− | Substituting <math>t=\frac ds</math> and dividing both sides by <math>d</math>, we get <math>\frac 2s = \frac 1{40} + \frac 1{60}</math>, hence <math>s=\boxed{48}</math>. | + | Substituting <math>t=\frac ds</math> and dividing both sides by <math>d</math>, we get <math>\frac 2s = \frac 1{40} + \frac 1{60}</math>, hence <math>s=\boxed{\textbf{(B) }48}</math>. |
(Note that this approach would work even if the time by which he is late was different from the time by which he is early in the other case - we would simply take a weighted sum in step two, and hence obtain a weighted harmonic mean in step three.) | (Note that this approach would work even if the time by which he is late was different from the time by which he is early in the other case - we would simply take a weighted sum in step two, and hence obtain a weighted harmonic mean in step three.) |
Latest revision as of 12:18, 8 November 2021
- The following problem is from both the 2002 AMC 12A #11 and 2002 AMC 10A #12, so both problems redirect to this page.
Problem
Mr. Earl E. Bird gets up every day at 8:00 AM to go to work. If he drives at an average speed of 40 miles per hour, he will be late by 3 minutes. If he drives at an average speed of 60 miles per hour, he will be early by 3 minutes. How many miles per hour does Mr. Bird need to drive to get to work exactly on time?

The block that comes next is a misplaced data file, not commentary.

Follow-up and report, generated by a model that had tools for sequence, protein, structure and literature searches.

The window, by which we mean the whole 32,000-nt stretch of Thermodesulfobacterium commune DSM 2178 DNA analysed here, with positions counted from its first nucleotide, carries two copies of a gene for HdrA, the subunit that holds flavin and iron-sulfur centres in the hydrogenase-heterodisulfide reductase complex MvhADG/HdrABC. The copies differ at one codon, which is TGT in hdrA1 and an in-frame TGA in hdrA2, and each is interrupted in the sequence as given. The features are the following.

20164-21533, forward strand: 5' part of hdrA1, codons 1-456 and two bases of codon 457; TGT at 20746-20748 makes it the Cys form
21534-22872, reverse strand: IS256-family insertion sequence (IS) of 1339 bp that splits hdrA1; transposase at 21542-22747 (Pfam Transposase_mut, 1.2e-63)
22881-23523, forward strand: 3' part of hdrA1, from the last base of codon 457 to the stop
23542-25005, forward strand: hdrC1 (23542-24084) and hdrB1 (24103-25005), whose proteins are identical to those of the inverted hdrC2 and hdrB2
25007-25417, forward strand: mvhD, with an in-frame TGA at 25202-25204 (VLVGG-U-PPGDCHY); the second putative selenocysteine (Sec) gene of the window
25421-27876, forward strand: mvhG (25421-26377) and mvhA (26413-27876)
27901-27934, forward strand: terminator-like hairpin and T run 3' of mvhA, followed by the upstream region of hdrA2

Solution
Solution 1
Let the time he needs to get there in be and the distance he travels be . From the given equations, we know that and . Setting the two equal, we have and we find of an hour. Substituting t back in, we find . From , we find that , our answer, is .
Solution 2
Since either time he arrives at is minutes from the desired time, the answer is merely the harmonic mean of 40 and 60. The harmonic mean of a and b is . In this case, a and b are 40 and 60, so our answer is , so .
Solution 3
A more general form of the argument in Solution 2, with proof:
Let be the distance to work, and let be the correct average speed. Then the time needed to get to work is .
We know that and . Summing these two equations, we get: .
Substituting and dividing both sides by , we get , hence .
(Note that this approach would work even if the time by which he is late was different from the time by which he is early in the other case - we would simply take a weighted sum in step two, and hence obtain a weighted harmonic mean in step three.)
See Also
2002 AMC 12A (Problems • Answer Key • Resources) | |
Preceded by Problem 10 |
Followed by Problem 12 |
1 • 2 • 3 • 4 • 5 • 6 • 7 • 8 • 9 • 10 • 11 • 12 • 13 • 14 • 15 • 16 • 17 • 18 • 19 • 20 • 21 • 22 • 23 • 24 • 25 | |
All AMC 12 Problems and Solutions |
2002 AMC 10A (Problems • Answer Key • Resources) | ||
Preceded by Problem 11 |
Followed by Problem 13 | |
1 • 2 • 3 • 4 • 5 • 6 • 7 • 8 • 9 • 10 • 11 • 12 • 13 • 14 • 15 • 16 • 17 • 18 • 19 • 20 • 21 • 22 • 23 • 24 • 25 | ||
All AMC 10 Problems and Solutions |
The problems on this page are copyrighted by the Mathematical Association of America's American Mathematics Competitions.